One Northeastern specialist, Peace Tree Farm in Kintnersville, Pa., grows larger liner sizes–50 and 72 counts. While larger liners take longer to produce, the turn is quicker for growers who purchase them, finishing a 4-inch pot in six to eight weeks. About 60 percent of the cuttings are bought in and the rest are self propagated. In the future, Peace Tree will be doing more of its own propagation.

“For us, it’s important because there are a lot of succulents being propagated right now,” owner Lloyd Traven says. “When you feel like you’re ahead of the curve and then everybody is doing it, you have to adjust and concentrate on varieties others aren’t carrying.” In addition to the classic succulents, Peace Tree is producing plants in genera you wouldn’t expect to be succulents–peperomias, begonias and tradescantias.

Advice For Northern Growers

If you’re a Northern grower and new to succulents, how should you begin? Plug Connection’s Greg Opgenorth says growers should consider cold hardy lines–sempervivums, sedums and delospermas. “In colder climates, these can be used as perennials, in rock gardens and in xeriscaping,” he says. While they are forgiving, extreme cold is detrimental.

Cast iron plants Traven recommends include crassulas, echeverias, euphorbias, graptoverias, graptopetalums, sedums and sempervivums. Growers who are new to succulents can get started with a few echeverias and a few sedums. “Look for a variety of colors and types,” he says. “Certain echeverias grab attention–fuzzy ones, silver ones, rippled, ruffled. White ones really attract attention. Don’t go for regular green, gray stuff that everyone else has. If all you’re doing is growing those in a 3 ½-inch or 4-inch plastic pot, you’re slugging it out with everyone else.”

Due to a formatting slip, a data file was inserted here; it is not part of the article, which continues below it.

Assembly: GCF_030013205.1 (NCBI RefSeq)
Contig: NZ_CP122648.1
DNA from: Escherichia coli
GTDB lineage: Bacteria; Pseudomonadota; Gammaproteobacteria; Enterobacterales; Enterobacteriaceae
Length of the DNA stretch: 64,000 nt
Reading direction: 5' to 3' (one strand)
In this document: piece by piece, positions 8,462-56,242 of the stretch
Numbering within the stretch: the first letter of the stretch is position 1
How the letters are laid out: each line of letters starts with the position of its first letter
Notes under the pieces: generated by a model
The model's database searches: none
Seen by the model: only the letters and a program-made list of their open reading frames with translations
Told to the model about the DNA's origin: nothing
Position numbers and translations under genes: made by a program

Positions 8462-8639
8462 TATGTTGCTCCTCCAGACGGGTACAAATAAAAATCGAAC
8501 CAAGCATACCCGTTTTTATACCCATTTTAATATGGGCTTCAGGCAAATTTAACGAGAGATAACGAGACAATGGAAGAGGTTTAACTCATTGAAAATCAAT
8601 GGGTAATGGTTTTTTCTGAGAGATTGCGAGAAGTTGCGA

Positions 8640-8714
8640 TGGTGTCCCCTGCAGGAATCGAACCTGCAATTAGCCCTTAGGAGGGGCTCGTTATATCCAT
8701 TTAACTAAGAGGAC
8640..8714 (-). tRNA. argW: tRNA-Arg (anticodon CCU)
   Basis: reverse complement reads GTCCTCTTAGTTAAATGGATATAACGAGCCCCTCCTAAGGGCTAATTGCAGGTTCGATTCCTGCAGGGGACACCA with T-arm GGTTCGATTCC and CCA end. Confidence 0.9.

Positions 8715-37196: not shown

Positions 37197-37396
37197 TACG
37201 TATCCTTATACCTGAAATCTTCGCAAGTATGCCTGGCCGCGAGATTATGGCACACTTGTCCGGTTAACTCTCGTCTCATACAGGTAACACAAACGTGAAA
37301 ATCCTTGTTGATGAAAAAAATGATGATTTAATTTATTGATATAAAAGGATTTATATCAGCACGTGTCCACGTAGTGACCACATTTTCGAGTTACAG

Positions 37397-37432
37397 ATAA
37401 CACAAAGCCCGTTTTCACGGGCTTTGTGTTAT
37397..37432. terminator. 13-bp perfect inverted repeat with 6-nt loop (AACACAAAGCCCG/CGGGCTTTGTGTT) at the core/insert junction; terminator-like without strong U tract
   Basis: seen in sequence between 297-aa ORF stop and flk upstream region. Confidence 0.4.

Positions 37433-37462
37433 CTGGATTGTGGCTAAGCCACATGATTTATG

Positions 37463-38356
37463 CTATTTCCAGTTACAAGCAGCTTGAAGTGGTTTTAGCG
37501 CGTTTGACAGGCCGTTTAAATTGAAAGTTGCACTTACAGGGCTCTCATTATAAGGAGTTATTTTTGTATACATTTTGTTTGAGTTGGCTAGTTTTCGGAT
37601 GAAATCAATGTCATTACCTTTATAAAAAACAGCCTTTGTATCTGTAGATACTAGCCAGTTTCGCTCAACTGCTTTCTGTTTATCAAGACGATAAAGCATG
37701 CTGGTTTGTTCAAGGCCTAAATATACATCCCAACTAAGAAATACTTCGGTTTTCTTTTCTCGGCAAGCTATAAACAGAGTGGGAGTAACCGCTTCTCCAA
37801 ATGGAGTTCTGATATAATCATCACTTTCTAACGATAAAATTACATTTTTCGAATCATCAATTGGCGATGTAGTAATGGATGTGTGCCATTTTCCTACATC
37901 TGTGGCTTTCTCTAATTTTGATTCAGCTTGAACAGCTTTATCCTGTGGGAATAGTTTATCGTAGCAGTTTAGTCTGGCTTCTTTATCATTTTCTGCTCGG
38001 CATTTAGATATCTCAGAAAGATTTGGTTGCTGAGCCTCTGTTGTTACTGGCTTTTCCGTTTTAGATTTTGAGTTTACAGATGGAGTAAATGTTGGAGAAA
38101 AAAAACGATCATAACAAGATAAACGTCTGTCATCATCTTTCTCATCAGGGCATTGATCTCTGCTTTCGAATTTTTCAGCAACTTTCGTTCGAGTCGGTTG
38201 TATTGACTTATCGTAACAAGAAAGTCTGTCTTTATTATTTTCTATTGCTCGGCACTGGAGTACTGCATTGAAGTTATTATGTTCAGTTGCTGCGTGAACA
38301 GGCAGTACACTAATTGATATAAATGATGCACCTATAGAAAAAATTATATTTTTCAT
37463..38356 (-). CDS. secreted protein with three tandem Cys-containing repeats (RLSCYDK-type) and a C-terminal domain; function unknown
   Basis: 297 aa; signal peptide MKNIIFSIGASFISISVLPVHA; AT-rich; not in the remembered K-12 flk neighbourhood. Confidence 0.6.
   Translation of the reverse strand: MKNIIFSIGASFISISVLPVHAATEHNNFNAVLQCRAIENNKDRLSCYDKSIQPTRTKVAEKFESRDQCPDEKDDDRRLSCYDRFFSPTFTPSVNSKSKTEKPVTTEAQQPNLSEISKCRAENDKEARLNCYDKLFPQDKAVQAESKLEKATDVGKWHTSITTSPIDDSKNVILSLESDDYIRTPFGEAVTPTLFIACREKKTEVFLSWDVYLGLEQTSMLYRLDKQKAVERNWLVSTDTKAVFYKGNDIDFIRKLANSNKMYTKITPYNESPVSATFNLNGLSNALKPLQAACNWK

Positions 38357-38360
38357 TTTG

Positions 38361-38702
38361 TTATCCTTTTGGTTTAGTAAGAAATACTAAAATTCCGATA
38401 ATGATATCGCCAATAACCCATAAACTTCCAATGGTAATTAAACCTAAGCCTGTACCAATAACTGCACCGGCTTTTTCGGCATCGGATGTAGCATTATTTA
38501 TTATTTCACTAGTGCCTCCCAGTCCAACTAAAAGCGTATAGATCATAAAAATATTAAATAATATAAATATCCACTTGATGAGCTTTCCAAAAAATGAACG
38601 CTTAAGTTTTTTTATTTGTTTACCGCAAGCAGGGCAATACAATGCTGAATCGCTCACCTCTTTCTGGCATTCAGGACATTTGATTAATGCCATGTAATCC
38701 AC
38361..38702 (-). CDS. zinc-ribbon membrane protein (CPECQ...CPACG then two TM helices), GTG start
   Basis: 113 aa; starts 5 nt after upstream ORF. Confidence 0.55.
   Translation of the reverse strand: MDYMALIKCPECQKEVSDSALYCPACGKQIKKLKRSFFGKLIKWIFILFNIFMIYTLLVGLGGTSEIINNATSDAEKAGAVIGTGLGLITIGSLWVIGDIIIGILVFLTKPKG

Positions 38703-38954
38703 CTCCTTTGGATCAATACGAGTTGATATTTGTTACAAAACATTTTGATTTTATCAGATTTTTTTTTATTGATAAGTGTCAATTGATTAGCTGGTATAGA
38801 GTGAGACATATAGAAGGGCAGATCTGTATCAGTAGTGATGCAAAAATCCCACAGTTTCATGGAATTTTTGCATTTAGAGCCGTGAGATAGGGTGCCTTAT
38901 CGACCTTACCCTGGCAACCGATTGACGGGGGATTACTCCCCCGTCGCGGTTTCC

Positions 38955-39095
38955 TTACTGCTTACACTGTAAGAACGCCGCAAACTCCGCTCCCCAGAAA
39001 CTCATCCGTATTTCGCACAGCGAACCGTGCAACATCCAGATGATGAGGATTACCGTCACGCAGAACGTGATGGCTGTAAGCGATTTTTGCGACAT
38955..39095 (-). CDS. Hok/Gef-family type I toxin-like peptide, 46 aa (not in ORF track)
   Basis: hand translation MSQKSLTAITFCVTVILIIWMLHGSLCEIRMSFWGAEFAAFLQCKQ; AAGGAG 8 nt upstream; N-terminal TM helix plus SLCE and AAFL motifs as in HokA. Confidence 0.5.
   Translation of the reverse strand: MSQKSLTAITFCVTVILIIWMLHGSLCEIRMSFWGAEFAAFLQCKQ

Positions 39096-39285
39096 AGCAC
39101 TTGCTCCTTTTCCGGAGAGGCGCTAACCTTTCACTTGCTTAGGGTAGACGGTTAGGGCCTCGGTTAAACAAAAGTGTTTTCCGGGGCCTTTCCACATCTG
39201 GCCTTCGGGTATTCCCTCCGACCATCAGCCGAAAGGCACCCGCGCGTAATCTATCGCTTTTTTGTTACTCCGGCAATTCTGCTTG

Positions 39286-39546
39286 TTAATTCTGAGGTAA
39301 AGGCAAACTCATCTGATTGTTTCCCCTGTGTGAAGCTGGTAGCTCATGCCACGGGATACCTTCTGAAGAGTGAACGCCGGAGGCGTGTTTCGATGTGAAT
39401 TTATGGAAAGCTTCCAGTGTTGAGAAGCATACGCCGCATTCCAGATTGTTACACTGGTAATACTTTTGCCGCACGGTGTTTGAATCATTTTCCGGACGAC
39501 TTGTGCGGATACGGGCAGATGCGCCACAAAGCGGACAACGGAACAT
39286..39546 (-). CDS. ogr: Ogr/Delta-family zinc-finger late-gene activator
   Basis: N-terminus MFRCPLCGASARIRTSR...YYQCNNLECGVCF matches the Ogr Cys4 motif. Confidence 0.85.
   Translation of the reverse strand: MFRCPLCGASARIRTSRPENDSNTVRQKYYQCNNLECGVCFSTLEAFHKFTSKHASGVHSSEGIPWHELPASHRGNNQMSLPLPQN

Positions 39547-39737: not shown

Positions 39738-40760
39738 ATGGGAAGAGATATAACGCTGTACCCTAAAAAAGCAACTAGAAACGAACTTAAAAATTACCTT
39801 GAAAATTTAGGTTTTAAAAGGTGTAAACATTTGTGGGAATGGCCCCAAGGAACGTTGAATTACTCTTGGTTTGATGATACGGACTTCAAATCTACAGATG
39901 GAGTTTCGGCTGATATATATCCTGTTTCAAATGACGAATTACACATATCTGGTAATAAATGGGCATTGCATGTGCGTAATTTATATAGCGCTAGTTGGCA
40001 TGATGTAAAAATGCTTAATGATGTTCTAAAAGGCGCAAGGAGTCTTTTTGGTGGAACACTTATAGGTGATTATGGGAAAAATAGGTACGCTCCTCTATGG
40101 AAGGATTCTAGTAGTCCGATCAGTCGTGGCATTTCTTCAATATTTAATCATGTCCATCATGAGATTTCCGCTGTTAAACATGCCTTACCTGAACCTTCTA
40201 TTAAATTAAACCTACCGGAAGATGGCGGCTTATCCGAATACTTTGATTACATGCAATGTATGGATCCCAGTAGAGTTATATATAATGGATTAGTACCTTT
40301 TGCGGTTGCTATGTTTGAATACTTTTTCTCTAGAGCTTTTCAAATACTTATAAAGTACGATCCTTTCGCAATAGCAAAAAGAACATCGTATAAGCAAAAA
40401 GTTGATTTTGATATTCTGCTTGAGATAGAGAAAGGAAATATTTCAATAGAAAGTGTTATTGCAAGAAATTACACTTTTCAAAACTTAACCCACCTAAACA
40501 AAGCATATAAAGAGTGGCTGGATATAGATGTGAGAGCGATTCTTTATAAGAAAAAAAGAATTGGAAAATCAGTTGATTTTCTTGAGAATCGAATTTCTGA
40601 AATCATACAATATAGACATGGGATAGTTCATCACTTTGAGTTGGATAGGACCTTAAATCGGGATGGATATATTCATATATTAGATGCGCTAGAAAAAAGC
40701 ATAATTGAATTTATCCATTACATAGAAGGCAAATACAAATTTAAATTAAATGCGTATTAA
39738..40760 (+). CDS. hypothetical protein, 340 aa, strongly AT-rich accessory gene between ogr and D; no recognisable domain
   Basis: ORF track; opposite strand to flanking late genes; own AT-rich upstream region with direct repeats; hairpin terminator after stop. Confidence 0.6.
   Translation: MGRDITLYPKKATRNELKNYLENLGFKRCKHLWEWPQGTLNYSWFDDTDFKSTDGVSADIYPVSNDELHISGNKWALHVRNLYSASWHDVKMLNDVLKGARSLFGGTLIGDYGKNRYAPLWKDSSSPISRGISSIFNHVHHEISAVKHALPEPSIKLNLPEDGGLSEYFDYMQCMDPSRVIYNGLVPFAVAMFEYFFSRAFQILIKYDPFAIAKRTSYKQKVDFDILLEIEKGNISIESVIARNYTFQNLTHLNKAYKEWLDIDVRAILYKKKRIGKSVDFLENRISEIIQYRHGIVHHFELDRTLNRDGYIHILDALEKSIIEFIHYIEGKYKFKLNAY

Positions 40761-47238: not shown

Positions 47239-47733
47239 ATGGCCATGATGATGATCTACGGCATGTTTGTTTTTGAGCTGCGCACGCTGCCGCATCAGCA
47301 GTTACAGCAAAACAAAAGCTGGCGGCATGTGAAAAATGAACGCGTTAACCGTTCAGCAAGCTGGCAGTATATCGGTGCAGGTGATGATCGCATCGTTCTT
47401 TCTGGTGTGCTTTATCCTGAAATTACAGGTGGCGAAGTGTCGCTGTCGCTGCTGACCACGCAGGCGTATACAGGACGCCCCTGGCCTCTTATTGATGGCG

For growers who are used to producing petunias, Traven says, “You cannot think in terms of bedding plants and be successful. The soil mix is different. It’s all about water management. If you have a grower whom you consider to be a dry grower, that’s the guy you put in charge. You don’t want a lot of feed or the plants to be soft.” Surprisingly, many succulents don’t want full sun. “That’s where people lose plants–watering them in the height of the day and they end up burning,” he says.

But overwatering is the biggest problem. “It’s so easy to overwater and kill them,” Traven says. “When you take cuttings, let them sit 24 hours. Don’t touch them. Let the ends dry out. Then have trays filled, watered in, stick the cuttings, put the trays through the water tunnels and don’t touch them. When you start to think the plants need water, walk away. Most of the plants, if they are stuck in moist soil, don’t need more moisture to root.”

Altman suggests growers choose tough plants that provide high color and require less light. Blooming varieties will be more difficult to produce in flower up North, she adds. Slower growing plants will finish more uniformly. “California is ideal with its high light and cool nights to bring out the unique colors and shapes,” she says. “You need a house that cools down.”

Chris Berg, marketing director of EuroAmerican Propagators, advises growers to produce the plants outdoors as much as possible. “This is how you’ll get the bright oranges, yellows, reds, purples and variegation,” he says, adding that Northern growers may want to buy in certain varieties finished from growers in Southern climates, because they take too long to produce in the winter.

Growers can make an impact at retail with an assortment of 10 to 15 varieties with cool colors and textures for retail displays. “You don’t have to have 50 varieties to get into the category. If you have 10 really unique things, you’re going to have a lot of success,” Berg says.